Outrage at the deal is bipartisan
In a letter to Treasury secretary John Snow, Senator Richard Shelby, an influential Alabama Republican, stopped short of calling for the deal to be blocked, but said the transaction merited further scrutiny, potentially raising complications for DP World's bid. Mr Shelby is expected to call for a hearing to discuss the issue in coming weeks.
In a separate letter to Mr Snow, New York senator Chuck Schumer and others said US ports were "the most vulnerable targets for terrorist attack". They questioned whether DP World, which is owned and controlled by Dubai, should be allowed to take over P&O, charging that Dubai was a "key transfer point" for shipments of nuclear components bound for Iran, North Korea and Libya.
And from yesterday's press briefing:
Q Scott, I have a two-part. The government's Committee on Foreign Investment in the United States has approved a deal that will put six major ports in the United States under the control of a state-sponsored company based in Dubai, the United Arab Emirates. And my question: Knowing, as we do, that the Arab Emirate was tied in many ways to the 9/11 hijackers and their deeds, and knowing the critical nature of port security and protecting the nation, will the President step in and stop this deal from going into effect March 2nd?
MR. McCLELLAN: Well, my understanding, Les, is that this went through the national security review process under CFIUS, at the Department of Treasury. That is the agency that is responsible for overseeing such matters. And this includes a number of national security agencies -- the Department of Homeland Security, the Department of Defense, the Justice, among others, and there is a rigorous review that goes on for proposed foreign investments for national security concerns. And in terms of specifics relating to this, Treasury is the chair of this and you should direct those questions to Treasury.
That question, by the way, wasn't asked by Helen Thomas or David Gregory. It was posed by Les Kinsolving, right-wing reporter for WorldNutDaily.
Republicans feel betrayed that their President would make such a foolish national security move. Even Rick Santorum (R-PA) has sent a letter to the President protesting the deal. Also, Republican Congressman Mark Foley had this to day:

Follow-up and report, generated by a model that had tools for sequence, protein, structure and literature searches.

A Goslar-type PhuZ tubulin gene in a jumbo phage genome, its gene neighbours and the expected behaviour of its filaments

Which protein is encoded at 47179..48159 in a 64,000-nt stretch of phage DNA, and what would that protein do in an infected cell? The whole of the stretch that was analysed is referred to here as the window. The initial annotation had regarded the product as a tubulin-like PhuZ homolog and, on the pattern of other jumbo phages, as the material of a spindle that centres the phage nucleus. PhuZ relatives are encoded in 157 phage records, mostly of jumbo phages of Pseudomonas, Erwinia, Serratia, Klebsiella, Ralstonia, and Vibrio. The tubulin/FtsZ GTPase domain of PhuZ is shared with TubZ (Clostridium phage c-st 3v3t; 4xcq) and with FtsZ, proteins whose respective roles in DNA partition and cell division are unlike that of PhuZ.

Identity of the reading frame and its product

"Six of our largest commercial ports are being handed over to a country that is seeking to be Iran's free trade partner and has been linked to the funding and planning of 9/11. If our ports are the most vulnerable targets for terrorism and if we are at war, as the President says, we should be overly critical of handing over management of our ports to any foreign countries, post 9/11. Instead, this was done in the dead of night."
Besides Schumer, (who was quoted above and who sent a letter to Treasury Secretary Snowe), other Democrats are shocked at the deal--and are taking action:
Sen. Robert Menendez, D-N.J., told The Associated Press he will introduce legislation to prohibit companies owned or controlled by foreign governments from running port operations in the United States. Menendez said his proposal would effectively block state-owned Dubai Ports World from realizing gains from its purchase of London-based Peninsular and Oriental Steam Navigation Co. [...]
We wouldn't turn the border patrol or the customs service over to a foreign government, and we can't afford to turn our ports over to one, either," Menendez said.
So conservatives, moderates, liberals, and basically everyone on the political spectrum opposes this deal. About the only people who like the deal are those who enjoy walking in wildflower meadows hand in hand with super-rich royal families whose countries may incubate terrorists.
The bipartisan concern here is that we are handing the key to our nation's security to just such a foreign government. Not to a private corporation, but to a company controlled by a foreign state. No matter how good our relations are with that country, how can we ever justify letting another government control the security of our citizens?
Anthony R. Coscia, the chairman of the Port Authority of New York and New Jersey, has repeatedly contacted the administration to get answers to his concerns. The Bush administration has refused to respond.
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